Lastly, I want to talk about why placing it around your house or returning it to the earth is an important thing. I’m going to try to find the exact source for these studies and I’ll include them in the email newsletter, but I remember hearing about a study where a researcher took two samples of water and isolated them. With one they interacted strictly in a positive nature. They were saying positive things to it like affirmations, all that kind of stuff. Then, with the other sample of water, they did exactly the opposite. Only negative words. Then they froze the two samples of water and examined the ice crystals. The ice crystals of the water that had all the positive interaction had a geometric form to it. A kind of beautiful layout, almost looking purposeful. It was a beautiful crystalline structure in the ice, whereas the other one, total mess. Chaos. No geometric form. Think about this study, assuming it’s a good study and that we can take it as fact, in the context that we’re talking about-using these rocks to be part of our meditation practice. Say you meditate every day and you use your rock over and over every day. You will have this ongoing, positive interaction with the rock. You’re doing what you love to do for your spiritual self care and you’re using this rock as a tool to do that. If that study is true, you are literally influencing this rock in some way, right? So, if you’re collecting it in a bowl in your house, you’ve got a bowl in your house full of positively charged rocks. Also, if you’ve got them in your garden, you’re placing a bunch of positively charged rocks in your garden. That might be a positive thing that might help the plants! If you’re returning it to the earth by putting it in a field or in a stream, you’re just spreading positively charged rocks, positive energy all over the place. That’s just kind of an added benefit to this practice. If those studies bear out, you are literally influencing these rocks in some way because you’re associating them with this positive thing of meditating or prayer or whatever that ritual might be. What if you passed one of these rocks to one of your friends? That might bear out some positive influence on them. If it doesn’t, they’ve just got a really cool rock with a story. But if it does, then you’re helping them in a way that goes much deeper.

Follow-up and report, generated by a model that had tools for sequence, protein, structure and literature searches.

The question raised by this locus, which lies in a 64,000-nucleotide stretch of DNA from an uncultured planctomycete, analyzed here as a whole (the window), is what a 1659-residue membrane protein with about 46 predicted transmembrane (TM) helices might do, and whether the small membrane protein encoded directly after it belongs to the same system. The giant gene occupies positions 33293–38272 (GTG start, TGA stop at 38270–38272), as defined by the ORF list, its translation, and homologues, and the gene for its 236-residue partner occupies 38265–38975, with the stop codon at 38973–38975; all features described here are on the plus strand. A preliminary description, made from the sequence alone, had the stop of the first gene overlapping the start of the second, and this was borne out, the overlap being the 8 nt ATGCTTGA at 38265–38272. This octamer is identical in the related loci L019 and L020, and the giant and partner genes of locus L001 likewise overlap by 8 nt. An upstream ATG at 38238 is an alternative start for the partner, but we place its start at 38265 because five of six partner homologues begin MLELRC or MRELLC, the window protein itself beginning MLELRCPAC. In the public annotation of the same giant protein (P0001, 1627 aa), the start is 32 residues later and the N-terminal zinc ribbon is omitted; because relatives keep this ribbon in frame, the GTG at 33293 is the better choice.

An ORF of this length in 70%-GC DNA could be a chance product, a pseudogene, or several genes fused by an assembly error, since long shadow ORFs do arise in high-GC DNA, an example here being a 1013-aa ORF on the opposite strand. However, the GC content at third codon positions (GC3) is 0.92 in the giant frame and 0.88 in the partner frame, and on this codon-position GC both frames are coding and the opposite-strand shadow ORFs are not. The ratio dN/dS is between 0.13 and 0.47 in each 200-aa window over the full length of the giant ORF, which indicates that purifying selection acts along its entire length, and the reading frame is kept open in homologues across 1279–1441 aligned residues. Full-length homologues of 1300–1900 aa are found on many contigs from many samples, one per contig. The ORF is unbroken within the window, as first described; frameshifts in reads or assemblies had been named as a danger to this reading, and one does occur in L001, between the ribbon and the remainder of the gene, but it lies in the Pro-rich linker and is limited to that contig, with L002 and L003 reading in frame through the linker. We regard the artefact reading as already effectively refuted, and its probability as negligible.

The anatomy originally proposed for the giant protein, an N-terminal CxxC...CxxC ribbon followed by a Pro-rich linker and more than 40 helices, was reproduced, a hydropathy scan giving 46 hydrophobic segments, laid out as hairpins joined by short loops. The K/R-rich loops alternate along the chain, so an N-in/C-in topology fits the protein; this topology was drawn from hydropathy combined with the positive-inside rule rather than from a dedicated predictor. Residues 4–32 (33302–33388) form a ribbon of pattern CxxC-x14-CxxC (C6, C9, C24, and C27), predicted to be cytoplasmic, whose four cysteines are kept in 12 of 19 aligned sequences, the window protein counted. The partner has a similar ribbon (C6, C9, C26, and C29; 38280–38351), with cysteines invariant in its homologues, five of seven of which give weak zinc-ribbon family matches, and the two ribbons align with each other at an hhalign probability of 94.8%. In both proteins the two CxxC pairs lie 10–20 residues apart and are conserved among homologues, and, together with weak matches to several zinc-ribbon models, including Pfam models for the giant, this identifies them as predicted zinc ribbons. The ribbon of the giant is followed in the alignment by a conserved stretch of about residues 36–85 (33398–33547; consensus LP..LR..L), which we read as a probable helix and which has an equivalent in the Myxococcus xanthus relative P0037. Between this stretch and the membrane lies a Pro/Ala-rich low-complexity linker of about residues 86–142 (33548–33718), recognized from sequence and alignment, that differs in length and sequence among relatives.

One question I want to leave you with is, how do you meditate? What tools or practices do you use to help keep yourself grounded in the current moment and get the appropriate perspective on things? You can leave me a voicemail on Anchor through the app! That would be awesome to hear from you. You can contact me right through the website, www.godofhoneybees.com or on Twitter or on Instagram. Let me know what tools you might use to improve your meditation practice!
I don’t want to just make episodes telling you things, I want to hear back from you! I’m trying to craft a connection and a conversation with you. I want to hear what you think about this stuff, what you might have to add to these points, etc. We’re crafting that kind of conversation that’s ongoing and I love that idea. So reach out to me in any of these ways or firstname.lastname@example.org you can send me an email directly. Also, go to www.godofhoneybees.com and sign up for the email newsletter. The next eight people that sign up will get one of these stickers of our logo from www.stickermule.com. I will send that to you for free! Again, keep an eye out for the book. When that drops, that’s going to be available through the website.
This has been God of Honeybees Podcast. I’m Justin Herb. Thanks for listening.